The pineapple is without a doubt the iconic image of Hawaii. But the tasty tropical fruit was introduced to the islands and originally calls South America home.
In fact, good ol’ Christopher Columbus gets credit for finding the fruit on the island of Guadalupe and giving Europeans their first taste.
Nearly 300 years later, in 1751, George Washington tasted his first pineapple in Barbados and declared it his favorite tropical fruit. Already, the pineapple was thriving in Florida but was still very much an exotic flavor for most Americans.
Today’s restaurant dish interprets a Barbados treat, Seafood in Pineapple. I found the tasty mÉlange of seafood, tangy pineapple and creamy sauce at Rancho Alegre — one of several new special menu dishes offered daily.
I expected a cold dish, like a ceviche, but was surprised to find that this is served hot. The half pineapple is hollowed and filled with bite–sized shrimp, clams, mussels and tiny rings of calamari and topped with a piping hot and flavorfully seasoned filet of fish. Mixed in with the seafood are bits of fresh pineapple and a sauce based in pineapple juice and cream.
At $21, it’s a bargain, served with fried plantains, rice and black beans. It’s big enough to share, especially if you’ve sampled some of the other treats from the appetizer menu.
The Cuban–inspired menu at Rancho Alegre has always been a drawing card, along with the city’s best selection of South American and Spanish wines. Add in live jazz on Friday and Saturday nights, and you’ve got the recipe for a great evening out.
Not a seafood fan? The roasted pork and chicken dishes are fork tender and delicious. Don’t miss out on dessert — the cheesecake with passion fruit drizzle is a winner.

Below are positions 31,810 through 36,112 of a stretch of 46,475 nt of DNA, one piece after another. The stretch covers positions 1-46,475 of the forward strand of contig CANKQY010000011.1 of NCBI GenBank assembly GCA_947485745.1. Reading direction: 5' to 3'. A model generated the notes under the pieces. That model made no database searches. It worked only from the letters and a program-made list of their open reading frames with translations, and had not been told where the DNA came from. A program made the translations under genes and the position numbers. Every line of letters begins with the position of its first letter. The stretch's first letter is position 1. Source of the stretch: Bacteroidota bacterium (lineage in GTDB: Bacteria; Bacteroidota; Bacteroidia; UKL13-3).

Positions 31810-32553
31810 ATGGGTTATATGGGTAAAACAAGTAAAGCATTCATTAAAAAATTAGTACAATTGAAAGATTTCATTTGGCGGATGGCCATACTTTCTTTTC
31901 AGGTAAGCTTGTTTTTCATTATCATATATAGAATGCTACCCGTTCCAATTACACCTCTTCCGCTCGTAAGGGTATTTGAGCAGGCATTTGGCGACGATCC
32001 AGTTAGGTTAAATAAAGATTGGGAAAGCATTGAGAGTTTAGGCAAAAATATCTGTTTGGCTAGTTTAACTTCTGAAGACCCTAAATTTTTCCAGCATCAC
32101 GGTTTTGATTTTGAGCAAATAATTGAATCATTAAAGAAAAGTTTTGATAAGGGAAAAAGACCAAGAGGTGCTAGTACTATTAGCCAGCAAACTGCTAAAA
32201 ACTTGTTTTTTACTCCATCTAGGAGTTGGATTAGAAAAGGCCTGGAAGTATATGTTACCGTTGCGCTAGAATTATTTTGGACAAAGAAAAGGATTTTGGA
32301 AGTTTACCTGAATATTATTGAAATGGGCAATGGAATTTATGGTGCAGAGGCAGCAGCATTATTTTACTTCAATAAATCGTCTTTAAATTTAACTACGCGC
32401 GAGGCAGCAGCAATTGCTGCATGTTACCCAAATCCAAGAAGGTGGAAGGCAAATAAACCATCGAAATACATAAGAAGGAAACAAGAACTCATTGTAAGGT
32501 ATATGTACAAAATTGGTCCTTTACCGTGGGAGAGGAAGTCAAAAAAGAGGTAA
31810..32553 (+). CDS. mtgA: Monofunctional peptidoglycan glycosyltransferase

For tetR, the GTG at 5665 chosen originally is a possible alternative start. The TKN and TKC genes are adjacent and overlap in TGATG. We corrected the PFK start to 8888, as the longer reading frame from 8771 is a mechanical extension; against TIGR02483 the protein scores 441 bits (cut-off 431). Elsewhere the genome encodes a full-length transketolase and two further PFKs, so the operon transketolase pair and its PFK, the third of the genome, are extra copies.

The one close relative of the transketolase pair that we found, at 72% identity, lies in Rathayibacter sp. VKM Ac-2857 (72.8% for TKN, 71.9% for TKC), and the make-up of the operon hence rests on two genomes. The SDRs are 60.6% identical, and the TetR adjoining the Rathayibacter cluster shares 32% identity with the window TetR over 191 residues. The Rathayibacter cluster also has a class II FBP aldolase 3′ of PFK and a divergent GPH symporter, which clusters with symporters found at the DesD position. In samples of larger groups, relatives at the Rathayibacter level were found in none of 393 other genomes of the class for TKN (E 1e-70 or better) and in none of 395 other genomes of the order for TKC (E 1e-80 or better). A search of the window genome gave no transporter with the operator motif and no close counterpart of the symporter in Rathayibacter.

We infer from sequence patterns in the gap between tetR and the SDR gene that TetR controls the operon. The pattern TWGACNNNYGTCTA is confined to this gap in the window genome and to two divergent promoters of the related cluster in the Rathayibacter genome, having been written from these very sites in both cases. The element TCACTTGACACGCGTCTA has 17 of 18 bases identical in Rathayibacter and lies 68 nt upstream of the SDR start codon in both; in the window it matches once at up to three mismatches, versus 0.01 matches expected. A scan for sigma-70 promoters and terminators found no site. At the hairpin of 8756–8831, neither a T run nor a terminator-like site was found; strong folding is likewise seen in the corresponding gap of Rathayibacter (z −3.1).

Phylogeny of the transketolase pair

402 Martin Luther King Jr. Blvd., 912/ 292–1656, ranchoalegrecuban.com
Smoke out, Brick in...
It’s no longer a secret that Blowin’ Smoke BBQ is relocating to the former location of Sol at 1611 Habersham Street. There will be a brief period of remodeling and retooling before it opens — but count on just a few weeks.
Going into the 514 MLK Jr. Blvd. location is Brick House, with a menu of BBQ, burgers, craft beer and premium bourbons. Chef Donnie Simmons of Taco Abajo has written and created the menu that will feature a number of new, handmade items, like deep-fried pimento cheese. Last week I sampled the Carolina mustard–based sauce he has developed for Brick House: It’s bright, tangy and crying out for some tender smoked pork. Anticipate an early March opening.
Indian market in Pooler
I love browsing the aisles of the growing number of ethnic markets in Savannah. Now, there’s a new Indian grocery in Pooler. Gurukrupa Indian Grocery Store is located in a small center near Home Depot, 125 Foxfield Way, 912/450–9777. This is the former location of Smokin’ Pig BBQ, which has moved to 1215 Hwy. 80 E., also in Pooler. One more reason to check it out is that it’s next door to one of my favorite Japanese restaurants, Miwa.
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